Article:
North Korea has warned South Korea and the United States that their decision to extend the “Vigilant Storm” joint-military air drills would push tension to “an uncontrollable phase”, South Korean media reported.
Pyongyang denounced as “very dangerous” the decision by Washington and Seoul on Thursday to extend their air drills in response to North Korea’s launch of ballistic missiles, including a suspected intercontinental ballistic missile (ICBM), earlier in the day.
Pak Jong-chon, secretary of the Central Committee of North Korea’s ruling Workers’ Party, made the warning in a statement carried in State-controlled media, South Korea’s Yonhap News Agency reported.
“It was reported that the US and South Korea decided to extend the combined air drill Vigilant Storm,” the party secretary said in the statement carried by the Korean Central News Agency.
“It is a very dangerous and false choice,” he said, according to Yonhap.
“The irresponsible decision of the US and South Korea is shoving the present situation, caused by provocative military acts of the allied forces, to an uncontrollable phase,” he added.
The Vigilant Storm drills – which began on Monday and were scheduled to end on Friday – involve some 240 fighter jets and other military aircraft conducting about 1,600 joint missions. The air drills followed days after the South Korean military wrapped up the 12-day Hoguk 22 field exercises, in which an undisclosed number of US troops had participated.
North Korea launches ballistic missiles
In a statement earlier in the day, the South Korean military said the US had agreed to extend Vigilant Storm owing to North Korea’s “recent provocations”.
Chairman of South Korea’s Joint Chiefs of Staff Kim Seung-kyum and the head of US Forces Korea Paul LaCamera also held a virtual meeting and reaffirmed their commitment to “a stronger combined defence posture”, according to the statement.
North Korea has long condemned joint military drills between the US and South Korea as a rehearsal for invasion and had warned of “powerful follow-up measures” should the air warfare exercises go ahead this week.
Earlier on Thursday, North Korea launched three ballistic missiles, including a suspected ICBM. The launch followed Wednesday’s firing of at least 20 missiles, the most in a single day by North Korea, including one that landed off South Korea’s coast for the first time.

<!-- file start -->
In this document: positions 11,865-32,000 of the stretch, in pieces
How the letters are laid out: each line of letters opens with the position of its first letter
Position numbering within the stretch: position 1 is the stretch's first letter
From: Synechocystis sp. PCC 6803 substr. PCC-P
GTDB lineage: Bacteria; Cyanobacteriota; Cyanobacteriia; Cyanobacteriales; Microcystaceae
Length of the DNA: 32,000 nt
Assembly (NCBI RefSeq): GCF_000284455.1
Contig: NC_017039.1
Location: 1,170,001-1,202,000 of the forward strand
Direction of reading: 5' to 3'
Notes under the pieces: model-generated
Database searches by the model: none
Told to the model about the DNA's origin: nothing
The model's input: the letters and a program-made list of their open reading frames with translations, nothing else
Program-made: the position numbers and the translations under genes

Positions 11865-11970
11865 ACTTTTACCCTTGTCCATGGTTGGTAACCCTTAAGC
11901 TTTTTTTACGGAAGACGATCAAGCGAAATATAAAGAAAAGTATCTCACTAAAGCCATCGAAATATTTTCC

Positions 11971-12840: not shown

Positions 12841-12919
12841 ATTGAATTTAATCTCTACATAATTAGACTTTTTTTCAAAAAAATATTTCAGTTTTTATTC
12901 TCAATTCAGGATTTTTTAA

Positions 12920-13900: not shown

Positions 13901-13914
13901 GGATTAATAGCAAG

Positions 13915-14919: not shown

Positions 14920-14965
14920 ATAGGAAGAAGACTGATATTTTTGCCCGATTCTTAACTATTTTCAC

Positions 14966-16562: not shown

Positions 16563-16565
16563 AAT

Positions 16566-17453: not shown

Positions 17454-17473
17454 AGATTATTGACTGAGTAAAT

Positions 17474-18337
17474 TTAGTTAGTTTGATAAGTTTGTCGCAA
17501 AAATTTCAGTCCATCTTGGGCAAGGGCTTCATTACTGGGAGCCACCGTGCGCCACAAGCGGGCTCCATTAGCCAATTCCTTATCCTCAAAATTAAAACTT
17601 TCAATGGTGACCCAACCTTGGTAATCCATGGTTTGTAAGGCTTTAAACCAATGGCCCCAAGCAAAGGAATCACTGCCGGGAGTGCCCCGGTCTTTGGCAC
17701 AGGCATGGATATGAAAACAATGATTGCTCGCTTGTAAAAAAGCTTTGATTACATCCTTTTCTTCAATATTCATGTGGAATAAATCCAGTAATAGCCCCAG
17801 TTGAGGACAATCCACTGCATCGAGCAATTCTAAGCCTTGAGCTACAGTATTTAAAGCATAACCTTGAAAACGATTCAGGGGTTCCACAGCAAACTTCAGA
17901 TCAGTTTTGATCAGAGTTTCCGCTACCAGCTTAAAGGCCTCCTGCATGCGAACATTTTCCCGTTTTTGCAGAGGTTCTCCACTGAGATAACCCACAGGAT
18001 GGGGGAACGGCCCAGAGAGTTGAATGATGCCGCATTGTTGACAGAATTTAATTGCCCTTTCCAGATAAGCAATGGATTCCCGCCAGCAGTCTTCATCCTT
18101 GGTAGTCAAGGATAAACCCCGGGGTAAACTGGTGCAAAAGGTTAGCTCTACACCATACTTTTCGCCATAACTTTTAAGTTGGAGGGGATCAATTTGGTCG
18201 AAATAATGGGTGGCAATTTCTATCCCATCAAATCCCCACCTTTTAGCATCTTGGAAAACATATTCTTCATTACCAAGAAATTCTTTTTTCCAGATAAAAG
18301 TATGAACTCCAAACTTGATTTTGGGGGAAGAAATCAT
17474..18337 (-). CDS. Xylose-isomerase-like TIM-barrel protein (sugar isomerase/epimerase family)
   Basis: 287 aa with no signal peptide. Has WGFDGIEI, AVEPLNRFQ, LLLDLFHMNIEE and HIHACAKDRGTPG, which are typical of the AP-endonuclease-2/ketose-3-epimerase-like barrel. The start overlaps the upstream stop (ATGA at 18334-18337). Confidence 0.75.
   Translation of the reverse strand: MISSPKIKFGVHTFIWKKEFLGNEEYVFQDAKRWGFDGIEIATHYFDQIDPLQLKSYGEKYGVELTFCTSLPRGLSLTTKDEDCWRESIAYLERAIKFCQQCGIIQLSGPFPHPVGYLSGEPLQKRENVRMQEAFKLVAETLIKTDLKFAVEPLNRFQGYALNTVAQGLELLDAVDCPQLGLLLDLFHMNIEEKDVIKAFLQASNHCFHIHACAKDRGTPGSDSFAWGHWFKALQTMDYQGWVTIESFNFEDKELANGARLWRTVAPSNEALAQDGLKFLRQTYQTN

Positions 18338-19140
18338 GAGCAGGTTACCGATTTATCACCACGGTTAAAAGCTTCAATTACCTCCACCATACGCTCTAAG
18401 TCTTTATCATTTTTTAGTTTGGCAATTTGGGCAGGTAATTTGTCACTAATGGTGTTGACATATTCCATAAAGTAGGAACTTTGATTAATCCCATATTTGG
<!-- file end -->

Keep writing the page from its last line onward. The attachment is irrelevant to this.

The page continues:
Seoul responded by sending fighter jets to fire air-to-ground missiles into water north of its border.
Alongside its missile launches, Pyongyang has adopted an escalatory nuclear doctrine that authorises preemptive nuclear attacks over a variety of loosely defined crisis situations.
South Korea and the US condemned Thursday’s launches, with Washington urging all nations to enforce sanctions on North Korea for violating United Nations Security Council resolutions that bar missiles and nuclear tests.
Ned Price, a spokesman for the US State Department, said North Korea had demonstrated that it was a threat to “its neighbours, the region, international peace and security, and the global non-proliferation regime”.
Pentagon stresses deterrence
Later on Thursday, US Secretary of Defense Lloyd Austin stressed in a joint news briefing with his South Korean counterpart Lee Jong-sup that the two countries are working together to deter potential attacks by the North.
“We don’t want to see anyone make a decision to employ a nuclear device,” Austin told reporters.
“One of the things that sends a strong deterrent message is our ability to work together and to be interoperable, and our ability to train our troops to a high level of capability and also maintain a combat credible force in the region,” he added.
South Korean Vice Foreign Minister Cho Hyun-dong and US Deputy Secretary of State Wendy Sherman had condemned North Korea’s series of missile launches as “deplorable, immoral” during a phone call on Thursday, Seoul’s foreign ministry said.
US President Joe Biden and his national security team were “assessing the situation,” National Security Council spokeswoman Adrienne Watson said in a statement, adding that the United States would take “all necessary measures” to ensure security.
In brief comments to reporters a few minutes later, Japanese Prime Minister Fumio Kishida said, “North Korea’s repeated missile launches are an outrage and absolutely cannot be forgiven.”
Kishida called for greater trilateral security cooperation between the US, Japan and South Korea.
Nuclear talks between the US and North Korea broke down in early 2019 over disagreements over denuclearisation steps and have remained stalled since.
North Korea has so far ignored Biden’s calls for open-ended discussions, insisting that Washington should first discard its “hostile” policy, a term it mainly uses to describe sanctions and the joint US-South Korea military exercises.